Day 1: How Far?
Question: How far is it from the first tree to the last tree (ie. point A to point B)?
Rules: You can take a pencil, paper and clipboard outside with you. Nothing else.
Different groups were able to tell me the distance from one tree to the other using units like:
- Jose's feet
- Jasmines (not her feet, but her)
- Brandon's longest stride
Me: "Will that work?"
"Yeah. Because the spaces are the same."
"How can you be sure? "
"Because look at them..."
"Yeah, I want them to be the same too. That'd be really helpful, huh?"
Now they have dilemma: do they go and measure the distance between each tree or just measure the entire distance from the first to the last? (wait, that's the same thing...which makes it a doublemma)
Oh, you want my help? Lemme show you how Google Earth can help you out here.
Day 2: How high?
Question: Come up with two different methods for finding the height of the building.
Rules: Don't climb up there.
Some of the methods:
- Ask Chuck. (Turns out Chuck, our custodian, had a copy of the elevations.)
- Take a picture of Cameron next to the building and see how many Camerons to the top.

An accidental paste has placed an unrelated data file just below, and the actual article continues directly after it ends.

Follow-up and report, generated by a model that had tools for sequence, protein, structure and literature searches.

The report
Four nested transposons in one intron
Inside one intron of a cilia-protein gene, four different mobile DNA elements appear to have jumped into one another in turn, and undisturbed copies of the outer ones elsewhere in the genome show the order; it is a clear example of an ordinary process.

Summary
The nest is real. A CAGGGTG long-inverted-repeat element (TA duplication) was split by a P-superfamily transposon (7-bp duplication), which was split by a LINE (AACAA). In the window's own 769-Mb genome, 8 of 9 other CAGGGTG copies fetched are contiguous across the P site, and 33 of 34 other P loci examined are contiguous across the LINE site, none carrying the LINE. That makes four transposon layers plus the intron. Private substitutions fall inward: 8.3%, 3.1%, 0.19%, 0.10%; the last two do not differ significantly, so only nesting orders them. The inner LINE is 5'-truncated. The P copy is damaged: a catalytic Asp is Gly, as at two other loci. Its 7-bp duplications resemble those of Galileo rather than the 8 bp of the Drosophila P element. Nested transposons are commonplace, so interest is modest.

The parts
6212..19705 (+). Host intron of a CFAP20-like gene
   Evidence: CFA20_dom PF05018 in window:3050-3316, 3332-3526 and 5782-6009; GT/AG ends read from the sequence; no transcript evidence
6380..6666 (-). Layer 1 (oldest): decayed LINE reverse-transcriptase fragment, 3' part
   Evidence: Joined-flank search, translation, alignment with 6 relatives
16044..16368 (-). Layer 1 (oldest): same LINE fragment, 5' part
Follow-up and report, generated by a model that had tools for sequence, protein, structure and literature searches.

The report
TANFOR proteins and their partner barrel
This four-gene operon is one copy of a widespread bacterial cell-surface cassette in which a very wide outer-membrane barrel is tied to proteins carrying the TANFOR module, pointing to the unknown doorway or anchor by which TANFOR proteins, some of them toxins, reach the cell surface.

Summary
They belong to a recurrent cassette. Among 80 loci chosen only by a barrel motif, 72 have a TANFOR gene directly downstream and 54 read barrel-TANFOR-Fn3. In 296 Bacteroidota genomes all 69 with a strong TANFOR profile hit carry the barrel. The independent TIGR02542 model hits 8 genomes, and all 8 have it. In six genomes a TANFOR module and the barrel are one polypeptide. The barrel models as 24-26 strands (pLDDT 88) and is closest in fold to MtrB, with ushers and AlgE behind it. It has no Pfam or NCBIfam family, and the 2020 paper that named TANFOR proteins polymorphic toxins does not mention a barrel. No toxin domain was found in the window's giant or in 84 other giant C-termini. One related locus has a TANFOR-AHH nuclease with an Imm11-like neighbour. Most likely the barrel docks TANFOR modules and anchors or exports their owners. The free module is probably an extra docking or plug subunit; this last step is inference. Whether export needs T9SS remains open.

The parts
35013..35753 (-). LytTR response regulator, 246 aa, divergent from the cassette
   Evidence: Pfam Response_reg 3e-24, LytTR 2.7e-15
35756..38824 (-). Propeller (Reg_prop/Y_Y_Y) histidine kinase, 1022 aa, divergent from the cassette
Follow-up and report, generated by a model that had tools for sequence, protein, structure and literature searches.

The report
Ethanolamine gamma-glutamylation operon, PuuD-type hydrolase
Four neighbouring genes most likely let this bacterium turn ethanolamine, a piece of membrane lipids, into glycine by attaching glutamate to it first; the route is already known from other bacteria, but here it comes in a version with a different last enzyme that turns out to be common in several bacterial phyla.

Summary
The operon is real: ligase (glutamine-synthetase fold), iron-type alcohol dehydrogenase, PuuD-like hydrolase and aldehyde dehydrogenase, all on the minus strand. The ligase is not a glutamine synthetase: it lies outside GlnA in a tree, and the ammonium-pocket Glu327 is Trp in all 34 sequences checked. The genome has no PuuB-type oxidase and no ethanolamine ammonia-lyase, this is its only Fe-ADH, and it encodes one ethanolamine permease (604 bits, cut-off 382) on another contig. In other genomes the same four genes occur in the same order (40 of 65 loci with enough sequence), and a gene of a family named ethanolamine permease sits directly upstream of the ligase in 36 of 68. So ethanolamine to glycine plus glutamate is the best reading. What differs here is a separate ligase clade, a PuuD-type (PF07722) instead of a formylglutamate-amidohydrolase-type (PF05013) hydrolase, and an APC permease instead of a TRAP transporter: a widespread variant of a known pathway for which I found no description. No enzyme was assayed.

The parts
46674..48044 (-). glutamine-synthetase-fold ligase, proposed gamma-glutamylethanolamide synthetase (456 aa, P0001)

- All kinds of crazy uses of a meter stick.
- Count how many bricks in a foot and then count the total bricks. (3 bricks and spaces = 1 foot.)
- A well thought out plan makes jobs easier
- Sometimes we need to adjust our plans
- Assumptions need to be investigated
- We can use some tools in ways we've never imagined (eg. cell phone camera, Google Earth)
- Some sources aren't trustworthy
I love this, David. Both days. Awesome. Thank you.
Glad to share.
I love the integration of the peer review step in this process. Would you say more about how you assessed the success (or failure) of this peer review step?
Thank you again for sharing this process.
- Elizabeth (@cheesemonkeysf)
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